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Students prepare to take to London's streets to fight for education in mass demonstration
Tens of thousands of students and lecturers will take to the streets today to protest against cuts to further and higher education for the 'Fund Our Future' national demonstration, jointly organised by NUS and the University and College Union (UCU).
Protesters will march against cuts to colleges and universities, Government proposals to triple undergraduate tuition fees to £9,000 and proposals to abolish the education maintenance allowance (EMA) for the poorest students and to remove adult learning grant (ALG) for second-chance learners.
Protestors will assemble at Horse Guards Avenue from 11.30 and the march will begin at 12.30 heading through central London and past the Houses of Parliament. Find it on a map here.
A rally and speeches from Aaron Porter, NUS President; Sally Hunt, UCU General Secretary and Frances O'Grady, Deputy General Secretary will take place on Milbank outside the Tate Britain from 13.15. Find it on a map here.
The day will start with a press conference at 09:30 in the Upper Hall, Third Floor, University of London Union, Malet Street where NUS president, Aaron Porter, and UCU general secretary, Sally Hunt, will be available to discuss the day's activities. Find it on a map here.
Aaron Porter, NUS President said:
"We are taking to the streets in unprecedented numbers to tell politicians that enough is enough. We will not tolerate the previous generation passing on its debts to the next, nor will we pick up the bill to access a college and university education that was funded for them."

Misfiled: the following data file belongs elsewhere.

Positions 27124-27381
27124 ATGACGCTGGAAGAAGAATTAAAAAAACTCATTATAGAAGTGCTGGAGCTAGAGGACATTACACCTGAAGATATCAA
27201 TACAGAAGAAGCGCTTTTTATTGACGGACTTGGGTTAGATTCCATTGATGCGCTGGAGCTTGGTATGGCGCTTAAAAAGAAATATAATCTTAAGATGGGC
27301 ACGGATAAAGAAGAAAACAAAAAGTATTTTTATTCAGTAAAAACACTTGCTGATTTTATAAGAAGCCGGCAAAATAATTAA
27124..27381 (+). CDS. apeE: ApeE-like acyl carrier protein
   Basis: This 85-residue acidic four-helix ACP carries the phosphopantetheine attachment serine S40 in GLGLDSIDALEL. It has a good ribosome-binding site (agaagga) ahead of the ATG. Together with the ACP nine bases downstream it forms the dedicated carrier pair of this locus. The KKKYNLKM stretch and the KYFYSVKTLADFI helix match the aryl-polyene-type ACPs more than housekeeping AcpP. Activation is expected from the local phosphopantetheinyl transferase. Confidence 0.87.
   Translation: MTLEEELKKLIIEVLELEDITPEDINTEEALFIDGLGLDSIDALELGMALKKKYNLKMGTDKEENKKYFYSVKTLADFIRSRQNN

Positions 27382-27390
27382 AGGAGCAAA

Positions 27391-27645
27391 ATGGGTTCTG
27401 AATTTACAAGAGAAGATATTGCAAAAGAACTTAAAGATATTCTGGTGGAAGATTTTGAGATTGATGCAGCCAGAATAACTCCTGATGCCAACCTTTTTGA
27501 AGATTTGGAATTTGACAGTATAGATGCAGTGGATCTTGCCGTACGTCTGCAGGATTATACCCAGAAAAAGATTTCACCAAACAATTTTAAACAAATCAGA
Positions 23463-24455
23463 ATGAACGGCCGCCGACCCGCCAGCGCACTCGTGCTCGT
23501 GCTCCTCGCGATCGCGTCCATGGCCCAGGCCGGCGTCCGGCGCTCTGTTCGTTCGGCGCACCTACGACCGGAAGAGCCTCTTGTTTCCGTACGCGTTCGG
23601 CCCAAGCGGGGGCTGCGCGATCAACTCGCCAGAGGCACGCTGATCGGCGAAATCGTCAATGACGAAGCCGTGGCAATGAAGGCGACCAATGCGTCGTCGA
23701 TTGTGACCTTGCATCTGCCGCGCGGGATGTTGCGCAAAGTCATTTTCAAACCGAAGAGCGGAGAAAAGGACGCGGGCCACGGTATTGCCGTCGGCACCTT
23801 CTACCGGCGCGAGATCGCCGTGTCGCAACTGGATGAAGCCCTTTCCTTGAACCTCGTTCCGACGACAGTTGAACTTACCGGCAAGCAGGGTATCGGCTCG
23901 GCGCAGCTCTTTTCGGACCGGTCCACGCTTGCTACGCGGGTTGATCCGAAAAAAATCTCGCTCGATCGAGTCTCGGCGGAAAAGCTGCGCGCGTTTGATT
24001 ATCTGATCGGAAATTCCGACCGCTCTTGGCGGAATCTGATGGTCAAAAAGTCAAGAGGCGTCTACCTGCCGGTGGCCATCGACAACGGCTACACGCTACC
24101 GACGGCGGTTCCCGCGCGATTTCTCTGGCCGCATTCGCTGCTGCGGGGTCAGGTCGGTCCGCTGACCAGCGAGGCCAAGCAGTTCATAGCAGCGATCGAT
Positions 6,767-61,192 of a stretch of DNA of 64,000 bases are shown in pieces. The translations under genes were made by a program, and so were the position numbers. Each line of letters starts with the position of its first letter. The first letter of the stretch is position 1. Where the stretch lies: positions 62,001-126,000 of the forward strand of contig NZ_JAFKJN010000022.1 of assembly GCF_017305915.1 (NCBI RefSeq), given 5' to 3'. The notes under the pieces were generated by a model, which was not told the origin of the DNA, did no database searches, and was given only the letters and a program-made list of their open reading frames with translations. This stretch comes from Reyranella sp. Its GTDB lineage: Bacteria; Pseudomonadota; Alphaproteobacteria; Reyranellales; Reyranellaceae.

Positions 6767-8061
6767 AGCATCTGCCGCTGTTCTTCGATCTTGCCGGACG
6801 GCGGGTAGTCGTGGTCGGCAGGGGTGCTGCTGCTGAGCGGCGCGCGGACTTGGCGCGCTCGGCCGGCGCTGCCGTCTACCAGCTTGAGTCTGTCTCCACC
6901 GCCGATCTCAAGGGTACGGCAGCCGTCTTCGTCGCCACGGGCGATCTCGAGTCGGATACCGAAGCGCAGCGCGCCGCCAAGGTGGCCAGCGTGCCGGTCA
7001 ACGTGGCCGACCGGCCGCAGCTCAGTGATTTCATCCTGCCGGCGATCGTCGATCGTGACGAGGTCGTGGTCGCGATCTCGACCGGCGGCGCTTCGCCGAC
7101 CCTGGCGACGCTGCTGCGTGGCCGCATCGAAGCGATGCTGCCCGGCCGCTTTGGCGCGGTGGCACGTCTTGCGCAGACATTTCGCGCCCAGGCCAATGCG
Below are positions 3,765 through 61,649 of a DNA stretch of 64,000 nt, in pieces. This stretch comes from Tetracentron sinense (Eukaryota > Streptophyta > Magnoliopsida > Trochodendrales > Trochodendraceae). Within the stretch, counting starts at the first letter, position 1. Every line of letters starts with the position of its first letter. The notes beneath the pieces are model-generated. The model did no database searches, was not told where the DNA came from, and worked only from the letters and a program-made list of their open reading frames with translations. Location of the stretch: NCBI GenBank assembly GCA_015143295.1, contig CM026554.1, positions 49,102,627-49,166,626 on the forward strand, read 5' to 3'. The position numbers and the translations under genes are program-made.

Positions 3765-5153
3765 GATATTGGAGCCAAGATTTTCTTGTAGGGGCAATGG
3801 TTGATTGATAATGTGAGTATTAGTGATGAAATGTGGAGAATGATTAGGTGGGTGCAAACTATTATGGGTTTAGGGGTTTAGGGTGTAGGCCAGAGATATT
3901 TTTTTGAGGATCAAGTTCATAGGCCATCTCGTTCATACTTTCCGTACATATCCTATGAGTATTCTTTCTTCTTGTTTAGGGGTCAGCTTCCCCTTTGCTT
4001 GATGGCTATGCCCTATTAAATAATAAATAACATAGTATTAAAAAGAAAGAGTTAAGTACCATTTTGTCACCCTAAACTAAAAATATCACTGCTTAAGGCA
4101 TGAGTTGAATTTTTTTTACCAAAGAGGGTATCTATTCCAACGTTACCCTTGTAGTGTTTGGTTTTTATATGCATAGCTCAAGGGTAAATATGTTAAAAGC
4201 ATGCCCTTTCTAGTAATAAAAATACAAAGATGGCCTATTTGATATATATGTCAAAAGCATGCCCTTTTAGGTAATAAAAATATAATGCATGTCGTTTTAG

"This Government is abdicating its responsibility to fund the education and skills provision we desperately need just as every other country is investing in its future. We cannot and will not accept that miserable vision for our future."
"We will fight back against attempts to dismantle the funded education system we desperately need for economic recovery, social mobility and cultural enrichment. The Government's short-sighted and self-defeating cuts to colleges and universities must be resisted and that resistance begins now."
UCU general secretary, Sally Hunt, said:
“The past few weeks have really brought home just how angry staff, students and the general public are with the government’s plans for education. They can see past the spin and they don’t accept the need for such punitive measures. Slashing taxes for big businesses whilst telling the public we’re all in this together exposes the government’s true agenda."
“We are taking to the streets to deliver a clear message to politicians that we want a fair and progressive system of education funding. There is nothing fair or progressive about tripling the cost of a degree and axing college grants that are often the difference between students being able to study or not.”